Results: We have 11 patients on imatinib treatment who achieved major molecular response. One patient lost the complete molecular response after 5 years of treatment. Two patients in blast crisis underwent allogeneic hematopoietic stem cell transplantation from identical sibling donors. The first patient is in complete molecular remission after 4 years of the transplant with mild chronic GVHD. The other patient had an early relapse with treatment refractory disease and died from evolution of the disease. Three patients with advanced phases of the disease present increasing transcript levels. We performed the dose escalation, and for two of them the switch to the second generation of TKI.
Conclusions: Regular molecular monitoring of individual patients with CML is clearly desirable. It allows for a reassessment of the therapeutic strategy in cases of rising levels of BCR-ABL as an early indication of loss of response.
Background: There are several histologic variants and clinical subtypes of diffuse large B cell lymphoma, which includes the primary mediastinal large B cell lymphoma (PMBL). In the last 10 years the incidence of diffuse large lymphomas grew significantly.
Case report: We present the case and evolution of an aggressive life-threatening mediastinal B cell lymphoma with respiratory insufficiency, diagnosed in the 27th week of pregnancy. After 4 courses of R-CHOP the clinical status has somewhat improved, but the dyspnea, the facial and neck oedema and the trouble of speech persisted. After the patient was admitted to our hospital, she received DHAP regimen followed by mobilization with G-CSF. Before transplantation we administered another 3 courses of DHAP chemotherapy with spectacular results. We performed autologous hematopoietic stem cell transplantation preceded by BEAM chemotherapy. At present, 5 years post-transplant the patient is well, with no metabolically active disease on the PET-CT performed 3 months ago.
Conclusion: We can conclude that even in very complicated DLBCL cases, with a very good, efficient medical-team work we can salvage lives, in our case both of the mother and the child’s. Even in partially chemo-refractory cases like in the presented one, salvage chemotherapy followed by autologous transplantation can lead to a successful treatment.
Multiple myeloma accounts for 10% of the hematologic malignancies and is characterized by a single clone of plasma cells producing a monoclonal protein. The aim of this review is to summarize the current treatment methods of multiple myeloma. In the last 15 years, the incidence of myeloma has increased in patients younger than 65 years, thus treatment became even more important in order to obtain a long lasting remission or plateau phase. The treatment of this disease is complex and focuses not only on increasing the patients’ survival, but also improving their quality of life.
Background: High-dose chemotherapy and autologous stem cell transplantation have become a standard curative treatment in various hematologic malignancies. Many factors can affect the success of mobilization and hematopoietic stem cell harvesting.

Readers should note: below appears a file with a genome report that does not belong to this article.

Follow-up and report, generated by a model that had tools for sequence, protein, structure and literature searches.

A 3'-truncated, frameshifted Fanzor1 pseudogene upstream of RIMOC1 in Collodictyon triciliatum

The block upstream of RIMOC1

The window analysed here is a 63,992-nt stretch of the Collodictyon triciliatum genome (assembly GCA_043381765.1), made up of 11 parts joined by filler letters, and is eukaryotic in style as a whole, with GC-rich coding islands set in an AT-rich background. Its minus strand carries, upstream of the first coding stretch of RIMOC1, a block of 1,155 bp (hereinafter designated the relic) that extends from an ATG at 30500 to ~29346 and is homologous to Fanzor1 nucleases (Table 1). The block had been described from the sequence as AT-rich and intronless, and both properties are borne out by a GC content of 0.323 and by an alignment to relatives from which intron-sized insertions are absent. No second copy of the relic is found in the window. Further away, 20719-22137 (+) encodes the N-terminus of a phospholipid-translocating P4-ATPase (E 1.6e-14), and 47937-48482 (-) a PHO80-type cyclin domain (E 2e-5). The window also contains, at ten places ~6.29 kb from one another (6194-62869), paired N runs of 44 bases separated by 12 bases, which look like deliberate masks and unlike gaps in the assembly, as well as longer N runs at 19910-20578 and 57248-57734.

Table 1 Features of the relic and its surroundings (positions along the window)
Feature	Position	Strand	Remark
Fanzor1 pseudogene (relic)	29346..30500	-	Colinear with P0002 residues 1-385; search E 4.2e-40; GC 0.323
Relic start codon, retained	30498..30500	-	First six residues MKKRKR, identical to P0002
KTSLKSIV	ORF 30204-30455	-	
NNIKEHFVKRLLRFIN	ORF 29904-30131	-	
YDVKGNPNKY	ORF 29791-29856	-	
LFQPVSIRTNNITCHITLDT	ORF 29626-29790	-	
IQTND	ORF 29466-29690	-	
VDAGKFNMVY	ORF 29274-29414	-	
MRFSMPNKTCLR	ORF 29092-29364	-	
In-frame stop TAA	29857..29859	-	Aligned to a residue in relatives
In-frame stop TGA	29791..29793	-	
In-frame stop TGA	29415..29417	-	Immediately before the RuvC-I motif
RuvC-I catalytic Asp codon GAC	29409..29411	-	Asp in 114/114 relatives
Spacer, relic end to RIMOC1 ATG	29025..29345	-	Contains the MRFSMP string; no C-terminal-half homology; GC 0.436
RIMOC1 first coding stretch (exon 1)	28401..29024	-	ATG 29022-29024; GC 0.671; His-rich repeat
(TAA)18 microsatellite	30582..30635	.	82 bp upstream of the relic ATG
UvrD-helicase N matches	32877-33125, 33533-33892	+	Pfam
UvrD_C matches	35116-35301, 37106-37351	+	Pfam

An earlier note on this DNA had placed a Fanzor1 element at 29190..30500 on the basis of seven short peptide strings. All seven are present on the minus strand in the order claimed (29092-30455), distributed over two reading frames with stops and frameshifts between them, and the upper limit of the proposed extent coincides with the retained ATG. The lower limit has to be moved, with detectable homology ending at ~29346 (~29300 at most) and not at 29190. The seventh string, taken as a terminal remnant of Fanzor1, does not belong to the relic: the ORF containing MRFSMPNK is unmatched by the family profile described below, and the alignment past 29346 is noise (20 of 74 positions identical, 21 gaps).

Aim: The aim of this study was to analyze factors that lead to mobilization failure.
Material and Methods: We conducted a retrospective study on 19 patients with failure of stem cell harvesting. All patients were administered high doses of GCS-F (filgrastim, 15 μg/kg/day) and 0.24 mg/kg of plerixafor on day +5 or +10 of harvesting.
Results: The median age of the study population was 51 years (range 35–67) and 52.6% (n = 10) were males. The study group included 4 (21%) subjects with multiple myeloma, 6 (31.5%) with Hodgkin lymphoma, 8 cases (42.1%) with non-Hodgkin lymphoma and 1 patient with chronic lymphocytic leukemia. Each patient received 2.78 (range 1–5) lines of chemotherapy, administered in 11.57 (range 2 to over 20) cycles of treatment.
Conclusion: In hematologic malignancies it is very important to collect stem cells in time, in order to reduce mobilization failure. As we have shown in our studied cases, multiple lines of polychemotherapy with or without radiotherapy lead to mobilization failure.
We present the method of immunomagnetic stem cell separation with the ISOLEX 300i device (Isolex® 300i Magnetic Cell Selection System, Nextell Therapeutics Inc. Irvine California 21618 USA) and the results obtained using this method in patients admitted to the Hematology and Bone Marrow Transplantation Clinic of Tîrgu Mureş, Romania. Cell selection has a great importance in separating stem cells from tumor cells, therefore contributing to the success of autologous stem cell transplantation.
Introduction: Plasmacytoid dendritic cell leukemia is a rare subtype of acute leukemia, which has recently been established as a distinct pathologic entity that typically follows a highly aggressive clinical course in adults. The aim of this report is to present a case of plasmacytoid dendritic cell leukemia due to its rarity and difficulty to recognize and diagnose it.
Case report: We present a case of a 67 year-old man who presented multiple subcutaneous lesions on his face, neck, chest and upper extremities with reddish-brown, brown colour. In the bone marrow aspirate 83% of the blast cells were found. Immunophenotypically the blasts were positive for CD4, CD56, CD123 (high intensity), CD36, CD22, CD10 (10.42%), CD33, HLA-DR, CD7 (9.24%), CD38 (34.8%) and negative for CD13, CD64, CD14, CD16, CD15, CD11b, CD11c, CD3, CD5, CD2, CD8, CD19, CD20, CD34. The skin biopsy showed lymphohistiocytoid infiltration in the dermis. The patient was diagnosed with acute plasmacytoid dendritic cell leukemia and received polychemotherapy with rapid response of skin lesions and blastic infiltration of the bone marrow. After 3 courses of polychemotherapy the cutaneous lesions reappeared and multiplied. The blast infiltration in the bone marrow increased to 70%. A more aggressive polychemotherapy regimen was administered, but the patient presented serious complications (febrile neutropenia) and died in septic shock 8 months after the initiation of treatment.
Conclusions: Immunophenotyping of blasts cells is indispensable in the diagnosis of plasmacytoid dendritic cell leukemia. The CD4+, CD56+, lin-, CD123 ++high, CD11c-, CD36+, HLA-DR+, CD34-, CD45+ low profile is highly suggestive for pDCL. The outcome of plasmacytoid dendritic cell leukemia is poor. Despite the high rate of initial response to treatment, early relapses occur and the patients die of disease progression.